During the 1967-68 season, his first as a starter for the Purple Eagles, he was the high scorer in 23 of 24 games, averaging 38.2 ppg second to LSU’s “Pistol” Pete Maravich. The next season, with teams throwing up every type of defense to try and stop him, he averaged 32.4 ppg and scored 68 points against Syracuse. As a senior, Murphy averaged 29.4 ppg and was the high scorer in 25 of 29 games.
A three-time All-American, he scored 2,548 points in 77 games (three seasons) and averaged 33.1 ppg in his college career. No doubt a prolific scorer, he tallied 30 or more points in 42 of 77 games, 30-39 points 23 times, 40-49 points 13 times and 50 or more points six times.
Yet, Murphy still had skeptics among NBA scouts. “My feelings were hurt,” Murphy recalled in the Post. “I had been a three-time All-American and nobody took me in the first round simply because of my size. I remember thinking, ‘How dare they treat me that way?’ ”
The numbers 5-9 made a greater impression than his NCAA record-book statistics. However, joining with fellow rookie Rudy Tomjanovich, the second overall pick in 1970, the Rockets improved went from 27-55 the year before his arrival to 40-42 his rookie year. He wasted no time proving himself at the NBA level, averaging 15.8 points as a rookie with many 20-foot jumpers (“soft as cotton puffs in a wastebasket,” a Houston columnist once described them), ferocious speed, and a fiery demeanor.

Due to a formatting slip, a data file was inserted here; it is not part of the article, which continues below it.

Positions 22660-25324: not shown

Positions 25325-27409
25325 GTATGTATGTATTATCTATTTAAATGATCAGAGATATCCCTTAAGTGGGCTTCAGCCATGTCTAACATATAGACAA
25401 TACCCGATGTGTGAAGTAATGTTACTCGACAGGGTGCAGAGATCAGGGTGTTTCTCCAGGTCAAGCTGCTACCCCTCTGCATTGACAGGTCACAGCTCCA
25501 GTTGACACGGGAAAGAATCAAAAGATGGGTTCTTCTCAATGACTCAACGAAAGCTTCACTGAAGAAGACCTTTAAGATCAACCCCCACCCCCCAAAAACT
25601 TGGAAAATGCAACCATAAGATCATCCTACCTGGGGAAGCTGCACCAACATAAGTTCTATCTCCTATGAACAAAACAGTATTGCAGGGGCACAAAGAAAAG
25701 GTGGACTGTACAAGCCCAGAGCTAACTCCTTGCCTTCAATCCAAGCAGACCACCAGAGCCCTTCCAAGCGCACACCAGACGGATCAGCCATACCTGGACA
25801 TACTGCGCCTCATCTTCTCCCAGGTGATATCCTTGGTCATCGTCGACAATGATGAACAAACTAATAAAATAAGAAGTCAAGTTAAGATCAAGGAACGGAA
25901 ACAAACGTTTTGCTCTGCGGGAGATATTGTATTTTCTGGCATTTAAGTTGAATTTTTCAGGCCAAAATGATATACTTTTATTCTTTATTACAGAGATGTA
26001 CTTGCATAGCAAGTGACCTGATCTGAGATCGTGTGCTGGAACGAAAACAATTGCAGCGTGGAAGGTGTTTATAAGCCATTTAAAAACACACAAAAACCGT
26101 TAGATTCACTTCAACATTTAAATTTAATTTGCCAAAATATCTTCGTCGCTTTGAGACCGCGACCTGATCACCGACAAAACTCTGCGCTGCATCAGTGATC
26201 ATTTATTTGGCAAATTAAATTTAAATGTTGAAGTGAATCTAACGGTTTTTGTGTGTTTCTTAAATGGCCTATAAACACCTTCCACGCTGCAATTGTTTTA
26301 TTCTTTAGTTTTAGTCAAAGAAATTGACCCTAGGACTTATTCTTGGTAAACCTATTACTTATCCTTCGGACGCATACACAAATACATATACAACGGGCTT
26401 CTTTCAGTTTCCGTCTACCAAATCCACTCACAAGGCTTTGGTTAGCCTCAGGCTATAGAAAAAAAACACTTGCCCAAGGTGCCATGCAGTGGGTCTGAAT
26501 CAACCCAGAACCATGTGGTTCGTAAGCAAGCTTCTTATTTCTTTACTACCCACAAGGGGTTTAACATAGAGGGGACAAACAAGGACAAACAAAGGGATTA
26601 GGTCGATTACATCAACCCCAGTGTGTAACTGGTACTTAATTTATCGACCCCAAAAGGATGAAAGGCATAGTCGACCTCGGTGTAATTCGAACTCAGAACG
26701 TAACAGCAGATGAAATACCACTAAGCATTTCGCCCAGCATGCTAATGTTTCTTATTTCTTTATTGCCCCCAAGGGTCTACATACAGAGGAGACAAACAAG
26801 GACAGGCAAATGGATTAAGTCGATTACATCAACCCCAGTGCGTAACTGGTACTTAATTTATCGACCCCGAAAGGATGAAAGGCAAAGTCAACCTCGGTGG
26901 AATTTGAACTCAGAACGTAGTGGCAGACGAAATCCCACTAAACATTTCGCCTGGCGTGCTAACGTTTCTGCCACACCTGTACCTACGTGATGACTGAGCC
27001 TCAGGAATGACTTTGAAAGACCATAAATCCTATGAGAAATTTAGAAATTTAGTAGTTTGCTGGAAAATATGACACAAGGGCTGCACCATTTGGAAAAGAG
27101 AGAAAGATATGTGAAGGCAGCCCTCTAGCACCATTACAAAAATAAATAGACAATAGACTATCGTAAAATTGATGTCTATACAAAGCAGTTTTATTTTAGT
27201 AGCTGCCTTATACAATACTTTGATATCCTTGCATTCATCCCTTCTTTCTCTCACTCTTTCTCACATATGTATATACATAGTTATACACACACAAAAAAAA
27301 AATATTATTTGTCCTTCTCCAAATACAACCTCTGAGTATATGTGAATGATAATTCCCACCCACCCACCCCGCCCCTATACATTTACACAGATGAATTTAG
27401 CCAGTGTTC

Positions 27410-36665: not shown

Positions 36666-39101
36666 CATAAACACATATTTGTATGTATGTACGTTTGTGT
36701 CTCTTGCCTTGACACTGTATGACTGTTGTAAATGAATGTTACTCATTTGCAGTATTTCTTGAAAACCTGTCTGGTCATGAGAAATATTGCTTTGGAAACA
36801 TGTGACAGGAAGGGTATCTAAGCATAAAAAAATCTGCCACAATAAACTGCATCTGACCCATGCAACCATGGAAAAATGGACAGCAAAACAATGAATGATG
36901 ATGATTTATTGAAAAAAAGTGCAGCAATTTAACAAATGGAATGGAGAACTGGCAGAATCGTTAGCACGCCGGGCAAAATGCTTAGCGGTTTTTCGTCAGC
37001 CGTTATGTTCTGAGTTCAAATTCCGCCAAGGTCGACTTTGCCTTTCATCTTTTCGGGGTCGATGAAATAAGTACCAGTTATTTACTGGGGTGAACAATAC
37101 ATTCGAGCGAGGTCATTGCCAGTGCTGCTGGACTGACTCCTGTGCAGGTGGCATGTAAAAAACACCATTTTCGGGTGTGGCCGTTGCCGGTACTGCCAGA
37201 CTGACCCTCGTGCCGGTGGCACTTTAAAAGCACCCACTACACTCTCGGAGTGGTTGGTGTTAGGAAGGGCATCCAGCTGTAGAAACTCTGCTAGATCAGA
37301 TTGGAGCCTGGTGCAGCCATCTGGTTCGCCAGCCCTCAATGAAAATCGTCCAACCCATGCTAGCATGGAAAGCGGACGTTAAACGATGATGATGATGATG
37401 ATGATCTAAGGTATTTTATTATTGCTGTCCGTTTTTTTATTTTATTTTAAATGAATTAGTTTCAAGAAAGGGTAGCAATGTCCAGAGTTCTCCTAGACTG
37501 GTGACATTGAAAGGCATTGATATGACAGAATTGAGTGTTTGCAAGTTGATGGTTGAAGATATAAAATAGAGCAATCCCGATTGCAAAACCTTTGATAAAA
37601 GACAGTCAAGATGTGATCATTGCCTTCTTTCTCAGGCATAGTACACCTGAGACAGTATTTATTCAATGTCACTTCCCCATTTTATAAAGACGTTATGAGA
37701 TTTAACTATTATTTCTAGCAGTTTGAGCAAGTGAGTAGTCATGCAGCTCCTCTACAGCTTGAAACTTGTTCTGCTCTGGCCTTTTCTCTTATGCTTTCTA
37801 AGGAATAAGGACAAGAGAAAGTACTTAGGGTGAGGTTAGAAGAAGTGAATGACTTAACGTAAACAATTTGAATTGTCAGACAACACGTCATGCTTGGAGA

John Lucas joined the Rockets for the 1976-77 season and became the starting point guard, with Murphy moving to the shooting guard slot. Houston also acquired 21-year-old Moses Malone early in the season, and the infusion of new talent helped the Rockets to their first-ever division title.
During Murphy’s career, the Rockets were inconsistent. But in his free-throw-record-setting season, the Rockets had their most successful season to date with Malone as the anchor. After sneaking into the playoffs at 40-42, they staged a series of playoff upsets — against the Lakers, the Spurs, and Kansas City Kings — to reach the 1981 NBA Finals.
In Game 5 of a hard-fought series against San Antonio, Murphy came off the bench to score 36 points. Prior to Game 7 against the Spurs, Malone had a stomach ailment, and coach Del Harris leaned on Murphy to pick up the slack. Behind a night of roadblock screens, Murphy poured in 42 points, helping Houston to a 105-100 victory and a berth in the conference finals.
After dumping another unsung squad, the Kings, in the Western Conference finals, the Rockets met the Boston Celtics in The Finals. The Celtics were a young team, with Kevin McHale in his rookie season, Larry Bird in his second year and Robert Parish in his fifth campaign. Still, Boston proved too tough for the Rockets, winning the series in six games.
But all this doesn’t fully tell the story of a player whose brilliance on court was apparent from his high school days. “I coached him once in a high school all-star tournament,” recalls former University of Connecticut coach Dee Rowe, “and what I remember best is that he scored about 66 points in the championship game, but he was crying in the locker room after the game because we lost. He was that kind of competitor.”
Noted basketball writer Charlie Rosen stated that “Murphy was effervescent; he lived just like he played ball — constantly on the edge of excitement. This enthusiasm infused every one of his games with the same kind of excitement that some say Willie Mays brought to baseball.
Tempered only by his humility, Murphy stood tall among great athletes. When Murphy was elected to the Basketball Hall of Fame, the Rockets’ PR department compiled a nine-page, fact-filled release exalting Murphy’s credentials.
It was a sizeable statistical package, one that could credit Murphy for the size of his athleticism. But even the Hall of Fame acknowledged that it couldn’t show the size of Murphy’s heart.